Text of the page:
Professor David Pyle awarded Geological Society Murchison Medal

Professor David Pyle awarded Geological Society Murchison Medal

Professor David Pyle is the recipient of the 2024 Murchison Medal, awarded by the Geological Society of London for his considerable contributions to the field of volcanology.

The Murchison Medal is awarded to geologists who have contributed significantly to ‘hard’ rock studies, and was established under the will of Sir Roderick Impey Murchison (1792-1871). Murchison was a Scottish geologist who first described the Silurian and Devonian successions in Britain, among other achievements, in a long and distinguished career.

Professor Pyle, who is an internationally recognised volcanologist who has made outstanding contributions to understanding volcanic deposits and processes, was awarded the accolade for his decades of research using pioneering methods to characterise and classify tephra fall deposits and infer erupted volumes. Highlights of David’s work include his research on the frequency and triggers of eruptions, the geochemistry of gas emissions, the effects of volcanism on climate, environment and society, and on understanding volcanic risk.

“I am thrilled to receive this award, and will be delighted to accept it on behalf of all of the amazing people I have had the pleasure of working with over many years.”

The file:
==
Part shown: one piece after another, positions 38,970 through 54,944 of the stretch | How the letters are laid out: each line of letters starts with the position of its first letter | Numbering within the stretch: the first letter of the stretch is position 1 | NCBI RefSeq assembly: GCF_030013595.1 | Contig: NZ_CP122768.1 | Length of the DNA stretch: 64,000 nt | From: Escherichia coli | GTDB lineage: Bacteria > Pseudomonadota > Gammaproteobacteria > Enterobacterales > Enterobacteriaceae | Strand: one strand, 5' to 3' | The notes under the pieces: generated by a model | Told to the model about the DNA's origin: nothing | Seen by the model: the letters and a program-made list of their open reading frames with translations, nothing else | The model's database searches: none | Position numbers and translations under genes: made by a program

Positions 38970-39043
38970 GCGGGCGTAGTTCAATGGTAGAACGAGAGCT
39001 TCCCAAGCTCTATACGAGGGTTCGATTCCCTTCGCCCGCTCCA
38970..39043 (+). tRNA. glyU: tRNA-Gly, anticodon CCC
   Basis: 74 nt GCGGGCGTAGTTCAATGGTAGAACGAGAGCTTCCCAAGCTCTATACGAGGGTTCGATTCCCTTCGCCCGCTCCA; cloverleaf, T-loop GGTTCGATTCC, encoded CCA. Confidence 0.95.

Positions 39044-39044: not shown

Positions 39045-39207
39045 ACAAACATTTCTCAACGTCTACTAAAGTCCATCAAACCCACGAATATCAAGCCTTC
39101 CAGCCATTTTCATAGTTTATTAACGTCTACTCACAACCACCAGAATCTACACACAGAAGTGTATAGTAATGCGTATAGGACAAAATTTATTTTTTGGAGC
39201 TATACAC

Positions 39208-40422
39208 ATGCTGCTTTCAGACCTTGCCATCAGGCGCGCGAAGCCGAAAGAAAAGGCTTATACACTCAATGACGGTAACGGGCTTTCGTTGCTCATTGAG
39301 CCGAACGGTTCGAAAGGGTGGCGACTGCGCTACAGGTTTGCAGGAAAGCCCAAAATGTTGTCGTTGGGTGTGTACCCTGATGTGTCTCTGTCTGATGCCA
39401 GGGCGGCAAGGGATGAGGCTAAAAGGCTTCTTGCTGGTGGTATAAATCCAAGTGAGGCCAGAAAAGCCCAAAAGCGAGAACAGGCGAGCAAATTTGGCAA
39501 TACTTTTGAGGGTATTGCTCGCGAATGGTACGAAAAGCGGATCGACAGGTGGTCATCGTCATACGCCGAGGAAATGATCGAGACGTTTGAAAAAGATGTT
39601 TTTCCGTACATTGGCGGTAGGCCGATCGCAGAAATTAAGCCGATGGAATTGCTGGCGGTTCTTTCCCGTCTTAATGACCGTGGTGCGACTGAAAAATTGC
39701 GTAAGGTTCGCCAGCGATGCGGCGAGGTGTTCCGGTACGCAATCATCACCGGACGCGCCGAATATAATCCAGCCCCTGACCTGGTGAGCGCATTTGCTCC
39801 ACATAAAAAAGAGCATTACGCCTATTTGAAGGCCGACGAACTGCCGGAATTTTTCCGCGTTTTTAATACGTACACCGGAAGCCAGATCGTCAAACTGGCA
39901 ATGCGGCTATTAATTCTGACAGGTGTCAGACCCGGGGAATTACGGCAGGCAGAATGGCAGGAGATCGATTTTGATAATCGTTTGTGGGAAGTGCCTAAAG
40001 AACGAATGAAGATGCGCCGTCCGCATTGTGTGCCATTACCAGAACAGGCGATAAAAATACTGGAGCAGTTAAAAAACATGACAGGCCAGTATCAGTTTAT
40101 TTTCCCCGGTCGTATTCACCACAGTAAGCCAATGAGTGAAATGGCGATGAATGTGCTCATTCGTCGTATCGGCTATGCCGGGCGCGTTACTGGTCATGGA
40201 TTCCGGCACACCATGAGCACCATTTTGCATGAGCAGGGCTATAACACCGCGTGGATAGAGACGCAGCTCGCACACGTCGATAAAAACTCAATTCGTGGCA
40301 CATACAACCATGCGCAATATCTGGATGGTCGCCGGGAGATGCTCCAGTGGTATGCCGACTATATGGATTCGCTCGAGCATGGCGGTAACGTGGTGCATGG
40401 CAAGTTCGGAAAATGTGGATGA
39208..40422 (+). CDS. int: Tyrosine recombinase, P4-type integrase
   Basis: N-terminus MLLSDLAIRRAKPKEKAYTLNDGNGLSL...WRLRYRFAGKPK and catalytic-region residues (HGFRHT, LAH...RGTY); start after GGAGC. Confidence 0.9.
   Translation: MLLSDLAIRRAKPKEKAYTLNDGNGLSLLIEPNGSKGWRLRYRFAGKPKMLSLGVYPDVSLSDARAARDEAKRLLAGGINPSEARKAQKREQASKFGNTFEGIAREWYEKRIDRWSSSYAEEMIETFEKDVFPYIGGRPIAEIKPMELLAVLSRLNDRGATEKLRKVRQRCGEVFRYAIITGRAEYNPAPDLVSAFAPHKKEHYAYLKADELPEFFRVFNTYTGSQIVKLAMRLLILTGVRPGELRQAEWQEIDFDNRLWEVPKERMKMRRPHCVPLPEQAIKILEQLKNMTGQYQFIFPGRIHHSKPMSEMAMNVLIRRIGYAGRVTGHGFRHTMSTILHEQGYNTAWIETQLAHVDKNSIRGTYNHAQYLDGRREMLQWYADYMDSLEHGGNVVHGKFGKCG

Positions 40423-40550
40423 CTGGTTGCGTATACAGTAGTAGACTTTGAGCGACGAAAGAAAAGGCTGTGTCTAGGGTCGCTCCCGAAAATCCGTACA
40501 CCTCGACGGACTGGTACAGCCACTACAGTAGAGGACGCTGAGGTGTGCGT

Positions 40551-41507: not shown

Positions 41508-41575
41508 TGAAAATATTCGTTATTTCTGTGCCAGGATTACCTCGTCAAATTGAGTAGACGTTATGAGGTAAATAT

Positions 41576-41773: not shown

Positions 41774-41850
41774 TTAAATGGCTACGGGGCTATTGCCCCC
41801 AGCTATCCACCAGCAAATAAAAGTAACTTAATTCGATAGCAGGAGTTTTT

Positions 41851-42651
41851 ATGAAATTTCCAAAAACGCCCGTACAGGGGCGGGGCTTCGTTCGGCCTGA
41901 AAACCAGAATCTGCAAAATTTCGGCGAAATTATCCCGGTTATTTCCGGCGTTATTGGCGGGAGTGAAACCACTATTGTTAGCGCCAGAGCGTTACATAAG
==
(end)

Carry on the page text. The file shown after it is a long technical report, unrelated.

– Professor David Pyle

Professor Pyle was the first Academic Director of Oxford’s Doctoral Training Partnership in Environmental Research from 2013-2022. He is a keen collaborator and was involved in the STREVA project (2012-2019) – Strengthening Resilience in Volcanic Areas – and is currently part of The Oxford Martin Programme on Rethinking Natural Resources.

Exhibition promotional poster for "Volcanoes" at the Bodleian in 2017

He is also committed to public engagement and has written two popular books and curated two exhibitions, including one on volcanoes at the Bodleian in 2017 (pictured) and one on the 1883 eruption of Krakatoa with Google Arts and Culture. In Summer 2023 he was an integral part of an exhibition titled Sensing Volcanoes at the Royal Society Summer Exhibition, which had over 10,000 visitors. The hands-on activity, the centre piece of which was an interactive ‘imaginarium’, showcased Oxford’s world-leading expertise in volcanology and illustrated the realities of living in the shadow of a volcano.


“I am thrilled to see David’s outstanding research recognised with this major award. The Murchison Medal is a testament to David’s outstanding research, not just in volcanology, but the broader field of geology. I would also note his wider work at the interface between the arts/humanities and science and his truly collegial manor in research, championing equality and diversity. He joins a list of distinguished geologists in a prize that has been awarded since 1873.”

– Professor Mike Kendall, Head of Department

Reflecting on his award, Professor Pyle said “I first encountered volcanoes at the age of 7, in Chile. I have been both privileged and fortunate to spend my research career working on or around volcanoes, and have derived so much pleasure from sharing my volcanic interests and experiences with many different audiences.”

The full list of 2024 award winners can be found on the Geological Society website.